As students start university, many of them have had more media and educational exposure to Indigenous issues than in the past, and for Cody Groat that presents both an opportunity and a challenge.
Groat, an assistant professor in Western’s department of history and the Indigenous Studies program, is teaching a first-year Introduction to Indigenous Studies course.
Groat is Kanyen’kehaka (Mohawk) and a band member of the Six Nations of the Grand River. Growing up in London and Ingersoll, Ont., he wasn’t personally exposed to any content related to Indigenous people at school.
“There was zero content related to Indigenous people in high school,” said Groat.
There was more opportunity for learning in university, but Groat has been surprised by how much this year’s incoming students already know.
“I’m shocked to see the base knowledge in high school,” he said. “They are also coming in with more opinions.” Those views are likely formed through representations in the media, which often focus only on particular aspects of the Indigenous experience, he said.
Relying on works by Indigenous scholars, including professor Eve Tuck from the University of Toronto, the first-year course centralizes Indigenous resiliency in order to challenge victimization narratives. Under this approach, lessons about residential schools centre on Indigenous family structures, teachings on land-based learning, and language revitalization in response to assimilation strategies of the past, Groat said.
“Media coverage tends to be about trauma and victimization, not about resilience and resistance. I am trying to show a continuity in culture and resistance to state systems.”
Most students in the course are non-Indigenous, and Groat said he is also bringing a viewpoint that was formed outside of his Indigenous community.
“I will be bringing in how my experience influenced my perspectives.”
While students may have more introductory knowledge about Indigenous issues, some may not have much understanding, Groat said.
“We will use that opportunity to discuss why that might be the case. If they don’t have some knowledge, it’s not bad. We will assess how and why that may have come to be.”
The course work encourages students to think about how their understanding develops and deepens over the term. They will write an introductory paper outlining their initial knowledge, and by the end of the term will review and reconsider their ideas.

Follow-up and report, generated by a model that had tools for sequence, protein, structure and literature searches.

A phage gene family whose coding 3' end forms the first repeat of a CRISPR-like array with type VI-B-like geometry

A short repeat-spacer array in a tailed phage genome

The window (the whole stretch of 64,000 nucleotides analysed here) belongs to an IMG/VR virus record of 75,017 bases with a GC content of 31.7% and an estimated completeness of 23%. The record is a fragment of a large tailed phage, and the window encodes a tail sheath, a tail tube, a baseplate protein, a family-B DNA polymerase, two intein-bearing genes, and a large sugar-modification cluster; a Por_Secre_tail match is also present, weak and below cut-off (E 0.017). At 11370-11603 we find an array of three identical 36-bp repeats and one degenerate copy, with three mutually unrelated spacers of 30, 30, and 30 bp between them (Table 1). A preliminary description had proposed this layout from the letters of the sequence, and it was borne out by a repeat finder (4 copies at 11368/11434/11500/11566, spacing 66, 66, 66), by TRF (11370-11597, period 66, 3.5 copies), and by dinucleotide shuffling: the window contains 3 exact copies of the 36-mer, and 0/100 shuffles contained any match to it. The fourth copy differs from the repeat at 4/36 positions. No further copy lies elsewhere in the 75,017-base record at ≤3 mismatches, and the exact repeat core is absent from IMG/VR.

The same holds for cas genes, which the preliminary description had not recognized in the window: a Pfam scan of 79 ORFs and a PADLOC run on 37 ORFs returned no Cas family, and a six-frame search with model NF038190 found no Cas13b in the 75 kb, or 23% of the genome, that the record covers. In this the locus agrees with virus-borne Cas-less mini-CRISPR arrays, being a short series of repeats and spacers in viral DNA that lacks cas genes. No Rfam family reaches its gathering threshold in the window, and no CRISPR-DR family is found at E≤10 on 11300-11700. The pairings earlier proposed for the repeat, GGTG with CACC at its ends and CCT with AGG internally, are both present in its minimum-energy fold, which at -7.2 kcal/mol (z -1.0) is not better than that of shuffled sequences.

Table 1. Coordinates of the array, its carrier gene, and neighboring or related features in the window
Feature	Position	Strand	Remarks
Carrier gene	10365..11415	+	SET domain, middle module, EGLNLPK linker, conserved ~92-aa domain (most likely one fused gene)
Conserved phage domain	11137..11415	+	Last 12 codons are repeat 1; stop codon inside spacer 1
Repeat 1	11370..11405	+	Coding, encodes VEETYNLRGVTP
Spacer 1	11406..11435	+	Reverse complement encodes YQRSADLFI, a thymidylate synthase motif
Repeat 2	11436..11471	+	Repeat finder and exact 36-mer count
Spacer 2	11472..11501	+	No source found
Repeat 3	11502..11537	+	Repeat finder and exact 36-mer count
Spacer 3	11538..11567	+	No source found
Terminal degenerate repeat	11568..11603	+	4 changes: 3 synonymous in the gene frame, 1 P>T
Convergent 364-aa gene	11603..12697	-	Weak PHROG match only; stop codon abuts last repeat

Groat’s influence extends beyond the classroom in creating a supportive environment for Indigenous students at Western.
His father, Bill, was a survivor of the Sixties Scoop, and his grandparents were survivors of the Mohawk Institute Residential School. In his later life, Bill became a public speaker, sharing his experiences in the child welfare system and working to ensure the records of similar experiences were publicly accessible. Bill passed away earlier this year, and in his memory his children funded the Bill Groat Memorial Award, which provides financial support to an Indigenous student attending Western.
Observing National Day for Truth and Reconciliation
On Sept. 30, Western will observe National Day for Truth and Reconciliation, a federal holiday declared last year in response to the Calls to Action of the Truth and Reconciliation Commission of Canada.
Students, staff and faculty are encouraged to reflect on the current relationship between Canada and Indigenous Peoples, as well as on the shared history that informs that relationship.
“We are all Treaty people, and that means that everyone at Western has a responsibility to advance Truth and Reconciliation. I hope the entire campus will join in the observance of this day, because it is for all of us – not just Indigenous people,” said Christy Bressette, vice-provost and associate vice-president (Indigenous Initiatives).
A variety of campus events will take place on Sept. 30 and the days leading up to it. A full schedule, together with educational information related to Truth and Reconciliation, can be found on the Office of Indigenous Initiatives website.